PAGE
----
Project Title: The effect of aging on neurovascular changes in familial and sporadic Alzheimer's disease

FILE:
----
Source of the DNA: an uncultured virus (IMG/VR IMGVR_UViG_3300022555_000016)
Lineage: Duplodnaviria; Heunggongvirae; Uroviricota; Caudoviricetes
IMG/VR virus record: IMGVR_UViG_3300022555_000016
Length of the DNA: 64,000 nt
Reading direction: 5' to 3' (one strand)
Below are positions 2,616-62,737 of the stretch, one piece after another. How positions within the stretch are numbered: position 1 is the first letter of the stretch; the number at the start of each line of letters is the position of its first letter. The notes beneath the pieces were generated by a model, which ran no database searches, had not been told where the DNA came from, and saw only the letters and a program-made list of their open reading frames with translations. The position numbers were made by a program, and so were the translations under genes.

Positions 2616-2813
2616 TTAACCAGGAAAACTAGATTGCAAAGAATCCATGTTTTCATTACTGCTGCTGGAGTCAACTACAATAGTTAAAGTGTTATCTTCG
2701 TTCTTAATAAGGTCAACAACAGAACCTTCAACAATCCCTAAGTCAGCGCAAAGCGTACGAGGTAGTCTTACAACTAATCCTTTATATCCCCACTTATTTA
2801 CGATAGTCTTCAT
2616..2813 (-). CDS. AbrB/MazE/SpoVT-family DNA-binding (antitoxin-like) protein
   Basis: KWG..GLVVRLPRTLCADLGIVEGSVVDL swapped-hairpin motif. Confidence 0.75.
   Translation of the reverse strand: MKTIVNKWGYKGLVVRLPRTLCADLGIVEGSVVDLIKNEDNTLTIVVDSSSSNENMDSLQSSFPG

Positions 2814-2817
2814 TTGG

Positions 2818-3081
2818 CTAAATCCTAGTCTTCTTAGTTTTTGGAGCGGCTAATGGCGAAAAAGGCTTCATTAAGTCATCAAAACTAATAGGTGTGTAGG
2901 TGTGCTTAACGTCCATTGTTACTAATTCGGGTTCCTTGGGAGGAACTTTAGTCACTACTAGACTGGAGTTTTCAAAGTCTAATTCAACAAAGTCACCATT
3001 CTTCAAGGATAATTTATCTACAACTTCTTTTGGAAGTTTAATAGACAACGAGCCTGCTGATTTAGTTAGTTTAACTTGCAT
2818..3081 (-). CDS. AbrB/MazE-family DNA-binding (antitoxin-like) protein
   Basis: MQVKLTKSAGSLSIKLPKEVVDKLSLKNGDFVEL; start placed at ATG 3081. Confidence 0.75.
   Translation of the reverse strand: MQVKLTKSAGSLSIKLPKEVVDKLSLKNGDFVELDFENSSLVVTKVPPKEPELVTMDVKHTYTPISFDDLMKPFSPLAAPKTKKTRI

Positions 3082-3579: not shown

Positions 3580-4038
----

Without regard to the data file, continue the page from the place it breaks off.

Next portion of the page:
A 2020 report from the Alzheimer’s Association estimates that ~5.8 million Americans have Alzheimer’s disease (AD), with associated costs of $305 billion in 2019 alone. Amyloid-beta and tau proteins are hallmarks of AD development. However, recent evidence suggests neurovascular dysregulation plays a major role in AD pathogenesis and may precede deposition of amyloid- beta and tau proteins. Although familial-AD have been the primary target of scientific studies, late-onset sporadic AD (LOAD), which accounts for over 90% of AD cases, has been investigated little and is poorly understood. The overall objective of this application is to study the time course of structural and functional changes related to neurovascular alterations in the development of LOAD pathology in comparison to familial-AD. Our Aims are: 1) Assess cross- sectional and longitudinal relationships among functional vascular changes in wild-type, familial-AD, and LOAD mouse models; 2) Identify the association among functional vascular imaging biomarkers and microvascular structural parameters, neuroinflammation markers, amyloid-beta, and cognitive changes. Completion of these studies is expected to enhance our knowledge on the relationship between neurovascular alterations and AD pathogenesis. This innovative approach is expected to enhance our understanding of age-related AD pathogenesis, and ultimately inform new therapeutic strategies that target preservation of neurovascular health.